Britain’s role in the world would depend in large part on the country’s economic health. David Bruce recognised that Wilson would be ‘confronted immediately with [the] over-hanging problem of difficult British balance of payment payments’. According to Bruce, these problems ‘may assume grave proportions, although much of it now seems suppressed, dealt with by short-term borrowing and hidden from public eye and consciousness’.19 Bruce also suggested that the slim Labour majority ‘may impede swift action aimed at eliminating sectors of the free enterprise system’, but, all the same, Labour’s ‘anticipated proposals for taxation are awaited with fear in the City’. If there were ‘radical changes … in fiscal management, as advocated by some of [Wilson’s] advisers, there will be a further diminuition of confidence, already impaired by a Labour victory, amongst Britain’s creditors’.20 On 24 October, Wilson confided his worries on such matters to Johnson, and in doing so he tried to assuage the President’s own concerns for the dollar. Wilson’s ‘first task on assuming office’, he stated, had been ‘to undertake … a thorough review of our present financial and economic situation’. The situation ‘is even worse than we had supposed’, with a ‘probable deficit on external account for this year which may be as high as £800 million’. Wilson was therefore ‘determined to take firm remedial measures’, and had ‘considered and rejected two alternative courses of action’. He would not even refer explicitly to the first alternative, which was to devalue sterling (then set at a parity of $2.80). Devaluation had been ‘rejected … now, and for all time’. He also opposed the second option, an increase in the Bank of England lending rate, ‘in principle both because of its restrictive effect on the economy and because of its impact on your own problems, especially at this time’, he told Johnson. The following Monday, Wilson told the President, ‘the government will be telling the nation what the situation is and announcing an eight point programme to set the economy moving on the right lines’. The plan’s key measures were a surcharge on certain imports and various export rebates, despite the fact that these actions contravened the terms of Britain’s membership of the European Free Trade Association (EFTA). Wilson ‘thought it right’ to tell Johnson ‘what we propose in advance of any public statement, first, because I set great store by close and continuing co-operation with the American administration over the whole international field, economic and commercial’. Britain’s measures were ‘essential if we are to have a strong economy as a basis for playing our proper part in international affairs’ and retaining close bonds with the United States.21 The exigencies of the British economic situation were such that in his letter Wilson was not consulting but informing Johnson of the measures – so that ‘public statements’ by the US Government about them were ‘necessarily somewhat optimistic’ since it was ‘faced by [a] fait accompli’.22 Yet the President was pleased that sterling had not been devalued, for the move might cause serious disruption to the world trading system and undermine the United States’s own economic position. He believed that devaluation could ‘easily throw the world economy into the kind of vicious cycle that had been so disastrous between 1929 and 1933’.23 However, in late 1964 Wilson had overrated Johnson’s ability to help with the British economic crisis, as there was no intimation of any unilateral US government bail-out, which, it can plausibly be suggested, the Prime Minister had sought from the President. Lord Cromer, the Governor of the Bank of England, told Wilson on 18 November that ‘a precipitate appeal to the United States for direct help might prejudice next month’s talks in Washington’.24 In his dealings with Congress, whose consent would be needed for a unilateral US Government loan to the British, Johnson gave priority to his ‘Great Society’ programme of social legislation. But the initial British economic measures did seem to strike the right note in the White House. In a telephone conversation with the President on 24 October, Bundy expressed satisfaction that London had made no move to devalue the pound or to increase the Bank rate, and was pleased that the import surcharge was only a temporary measure: all told, the British were ‘playing ball’.25 Johnson sent Wilson a brief but supportive letter (drafted by Bundy) the same day, regretting ‘the recourse to restrictive measures’ but recognising ‘the need for strong action in defence of sterling’. The success of ‘protecting the pound … will reinforce the position of the whole free world’.26 Thus fortified, Wilson responded that his economic plan had ‘been very well received both at home and abroad’. Most commentators, he said, regarded it as a ‘sensible start to a vigorous attack on our problems’. Sterling was ‘already strengthening and the stock market is more than steady’. There had been ‘a few squeals from overseas, but these are mostly for the record’.27 Despite Wilson’s optimism, the British economic measures produced only a short-lived improvement. A British analysis noted that ‘the size of the [balance of payments] deficit and the hostile reception abroad of the import surcharge’ worried financial analysts. Various ministerial statements, including one from Gordon Walker on 27 October, indicated that the Government had no plans to raise the Bank rate. This, said the report, ‘seemed to confirm that the Government did not intend to deal with the payments problem by restraining domestic demand’. Reports spread of imminent devaluation, while the budget of 11 November was not deflationary enough to please the bankers.28 Referring to the renewed outflow of sterling, on 22 November Johnson suggested to Gardner Ackley, Chairman of the Council of Economic Advisers, that the ‘thing that kicked it off’ was ‘a billion dollars worth of expenditure’ in the budget, which ‘just scared everybody’. Ackley responded by saying that the British had ‘handled it pretty ineptly’, including the fact that Wilson had intimated that the Bank rate would be raised but then failed to make an adjustment when expected.29 Two days later, Johnson commented of the Labour government’s indiscretions that it ‘Looks like we ought to get them to quit talking’.30 Wilson told the President on 19 November that sterling had been ‘under strong pressure for several days’, and that Britain intended ‘to draw at the beginning of next month enough of our IMF standby to repay the short-term credit we have received from the Federal Reserve and the other central banks’. Contrary to the Prime Minister’s previous assurance, it was also necessary to raise the Bank rate. He was ‘very reluctant to do this since it would run counter to the long-term policies we are developing for dealing with our basic economic problems’, and knew that ‘an increase in our Bank rate would be as unwelcome to you as it would be to us’.31 It would oblige the United States government to do likewise in order to prevent an outflow of dollars – Johnson noted in a telephone conversation a few days later that ‘When you agree to pay your investor 7 per cent in England he’s not very interested in 4 per cent in America.’32 In the letter of 19 November, Wilson told Johnson that ‘if we are to outmanoeuvre the speculators over the short term and to give our longer term policies the chance to mature, we need substantial reinforcement for sterling as rapidly as possible’. The British government therefore intended to ‘approach the IMF for a further standby of$1,000 million; and we shall greatly value your support’.33 The Bank rate was duly raised from 5 to 7 per cent on 23 November, and the lending rate in the United States also had to be raised. Johnson complained on 25 November that ‘our short-term’s gone up from 3.6 to 3.8. Every time you go up a point it costs us many millions and our interest on our debt’s going to go way up … money’s going to get tighter and our prosperity’s going to dip and our tax money’s going to dip, our expenses going up … we got a real serious thing on our hands’.34 That day Britain took a $3 billion short-term loan from, as Bruce noted in his diary, ‘European central banks, the United States, and others, which should be sufficient to put to rout speculators against the pound’. The United States ‘is providing$1 billion of these credits, a quarter from the Export-Import Bank, the rest from the Federal Reserve’.35 It was the US Treasury and the Federal Reserve that made the running to help Britain obtain the bailout;36 but Wilson bore an exaggerated sense of gratitude to Johnson himself, telling Bruce that ‘the support of President Johnson and the whole of the United States Administration … had been absolutely magnificent’. Britain’s financial crisis had ‘made clear’ just who were Britain’s ‘friends’. Wilson even invoked the analogy of nuclear war: the prospect of devaluation was like ‘look[ing] down into the abyss … much as President Kennedy had done in the nuclear context at the time of Cuba’.37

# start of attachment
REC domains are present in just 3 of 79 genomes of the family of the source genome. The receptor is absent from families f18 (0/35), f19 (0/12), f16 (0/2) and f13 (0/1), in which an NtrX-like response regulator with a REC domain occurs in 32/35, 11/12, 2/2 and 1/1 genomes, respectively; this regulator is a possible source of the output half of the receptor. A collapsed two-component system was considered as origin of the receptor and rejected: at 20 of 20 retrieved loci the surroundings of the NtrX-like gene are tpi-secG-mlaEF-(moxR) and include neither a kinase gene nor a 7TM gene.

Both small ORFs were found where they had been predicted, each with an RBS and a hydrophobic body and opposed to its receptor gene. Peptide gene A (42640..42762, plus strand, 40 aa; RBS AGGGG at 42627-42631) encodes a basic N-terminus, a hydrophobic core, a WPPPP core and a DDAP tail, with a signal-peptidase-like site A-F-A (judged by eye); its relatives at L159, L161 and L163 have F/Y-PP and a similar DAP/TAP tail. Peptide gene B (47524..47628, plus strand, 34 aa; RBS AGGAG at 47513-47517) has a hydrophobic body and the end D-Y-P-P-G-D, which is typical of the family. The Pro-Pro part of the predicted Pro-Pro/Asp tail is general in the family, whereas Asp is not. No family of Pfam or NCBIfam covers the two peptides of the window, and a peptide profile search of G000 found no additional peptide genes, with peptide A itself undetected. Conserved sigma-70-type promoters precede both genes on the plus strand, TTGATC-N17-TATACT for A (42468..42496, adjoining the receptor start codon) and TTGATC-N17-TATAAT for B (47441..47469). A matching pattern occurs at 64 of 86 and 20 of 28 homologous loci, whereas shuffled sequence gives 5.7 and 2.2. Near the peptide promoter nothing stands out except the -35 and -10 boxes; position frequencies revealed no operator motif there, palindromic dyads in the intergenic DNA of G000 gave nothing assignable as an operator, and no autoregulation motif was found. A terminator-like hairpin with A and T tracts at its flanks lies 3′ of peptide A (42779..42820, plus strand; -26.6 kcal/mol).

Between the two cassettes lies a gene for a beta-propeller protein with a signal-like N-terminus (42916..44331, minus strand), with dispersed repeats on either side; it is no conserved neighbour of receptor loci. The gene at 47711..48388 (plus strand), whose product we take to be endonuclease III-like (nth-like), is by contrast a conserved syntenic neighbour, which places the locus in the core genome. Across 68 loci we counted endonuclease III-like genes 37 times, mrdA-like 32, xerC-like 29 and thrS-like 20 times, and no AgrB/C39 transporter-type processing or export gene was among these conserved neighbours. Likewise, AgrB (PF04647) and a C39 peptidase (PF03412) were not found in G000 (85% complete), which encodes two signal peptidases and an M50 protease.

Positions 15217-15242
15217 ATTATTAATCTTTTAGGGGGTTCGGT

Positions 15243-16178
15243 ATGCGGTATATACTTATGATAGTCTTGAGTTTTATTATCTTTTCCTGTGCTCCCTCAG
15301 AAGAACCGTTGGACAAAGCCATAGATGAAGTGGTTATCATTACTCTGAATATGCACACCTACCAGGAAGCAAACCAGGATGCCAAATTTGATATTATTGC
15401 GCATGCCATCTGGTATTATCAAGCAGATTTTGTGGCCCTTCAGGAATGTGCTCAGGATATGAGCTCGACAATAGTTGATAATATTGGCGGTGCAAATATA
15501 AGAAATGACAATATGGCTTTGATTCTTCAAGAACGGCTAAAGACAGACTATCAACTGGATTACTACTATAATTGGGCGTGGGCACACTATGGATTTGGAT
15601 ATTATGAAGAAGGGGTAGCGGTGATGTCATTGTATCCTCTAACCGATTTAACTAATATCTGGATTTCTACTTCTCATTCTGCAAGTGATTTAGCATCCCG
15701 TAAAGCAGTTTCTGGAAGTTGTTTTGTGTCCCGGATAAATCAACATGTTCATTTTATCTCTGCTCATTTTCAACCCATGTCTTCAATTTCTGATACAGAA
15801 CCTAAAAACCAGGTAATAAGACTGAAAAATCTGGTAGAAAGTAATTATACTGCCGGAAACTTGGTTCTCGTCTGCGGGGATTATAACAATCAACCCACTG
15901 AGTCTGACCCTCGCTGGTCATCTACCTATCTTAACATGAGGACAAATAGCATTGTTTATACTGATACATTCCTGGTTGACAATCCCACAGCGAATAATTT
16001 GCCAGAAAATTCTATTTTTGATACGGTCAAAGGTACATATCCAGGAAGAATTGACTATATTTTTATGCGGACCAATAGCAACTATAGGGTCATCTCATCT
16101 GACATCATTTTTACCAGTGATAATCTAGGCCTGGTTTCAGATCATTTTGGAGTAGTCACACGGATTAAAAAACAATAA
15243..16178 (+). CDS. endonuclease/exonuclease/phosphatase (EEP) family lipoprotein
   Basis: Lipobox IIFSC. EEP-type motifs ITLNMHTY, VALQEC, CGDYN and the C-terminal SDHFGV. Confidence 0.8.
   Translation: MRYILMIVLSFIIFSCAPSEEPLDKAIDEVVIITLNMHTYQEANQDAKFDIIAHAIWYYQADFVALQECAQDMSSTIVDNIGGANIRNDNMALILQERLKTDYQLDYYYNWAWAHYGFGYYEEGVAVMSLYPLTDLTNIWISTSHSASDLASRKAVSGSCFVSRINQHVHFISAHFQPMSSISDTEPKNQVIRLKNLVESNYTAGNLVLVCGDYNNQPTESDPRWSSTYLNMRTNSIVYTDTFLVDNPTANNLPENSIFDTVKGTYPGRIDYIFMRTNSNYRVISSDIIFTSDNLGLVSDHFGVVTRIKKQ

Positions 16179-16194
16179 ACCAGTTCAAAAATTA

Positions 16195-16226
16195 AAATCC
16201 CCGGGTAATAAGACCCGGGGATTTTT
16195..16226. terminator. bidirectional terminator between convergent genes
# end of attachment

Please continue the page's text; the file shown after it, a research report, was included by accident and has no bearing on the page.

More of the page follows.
Some of Wilson’s colleagues disdained his efforts to gain American help for Britain’s economic problems. Housing Minister Richard Crossman noted in his diary in January 1965 that ‘By getting Lyndon Johnson firmly on his side [Wilson] has convinced himself at least that we can get through without the devaluation of the pound because we are now built into the American system’.38 Paymaster General George Wigg recorded in his memoirs Wilson’s argument that to devalue the pound would transfer Britain’s problems ‘without warning, to the Americans’, an approach which would have ‘angered President Johnson and endangered future Anglo-American relations’. Wigg contended that Wilson’s solicitude about Johnson’s reactions to the British economic measures was a ‘misjudgment’, as there was ‘no sign’ that Johnson ‘ever regarded Wilson’s policies with the respect they were supposed to have earned’. Wilson’s continued postponement of the devaluation of sterling until 1967 meant that Britain ‘paid a high price, a very high price in economic terms, for nothing’.39 But Wilson was sometimes less confident about the wisdom of refusing to devalue than he tended to appear. Economist Walter Heller told the President on 19 November 1964 that the Prime Minister had stated ‘somewhat wistfully’ that ‘we couldn’t devalue on the first day but it was then or never’. Wilson ‘sounded as though he wishes he’d done it the first day … that would have put [Britain] in a stronger competitive position’.40 It is clear, though, that Wilson’s desire to avoid devaluation was intimately connected with his interest in close Anglo-American relations and a continued major international role for the UK.41 In August 1965, for example, Wilson ‘reminded’ Richard Neustadt of his ‘concern’ for the United States ‘last October; [sic] Bank rate and devaluation decisions were influenced, he said, by Johnson’s situation politically’.42 Francis Bator of the National Security Council told Johnson in June 1967 that Wilson’s continued opposition to devaluation ‘reflected, in part, ‘our repeated warnings during the rough period in 1964–1966 that we regard devaluation as a mortal sin’.43 But while Wilson was keen to bolster his standing in the eyes of American policymakers there were concerns in Washington about the economic competence of the Labour government – in a conversation with Johnson on 24 November Secretary of the Treasury Douglas Dillon questioned whether Wilson and his colleagues ‘know what they are doing’.44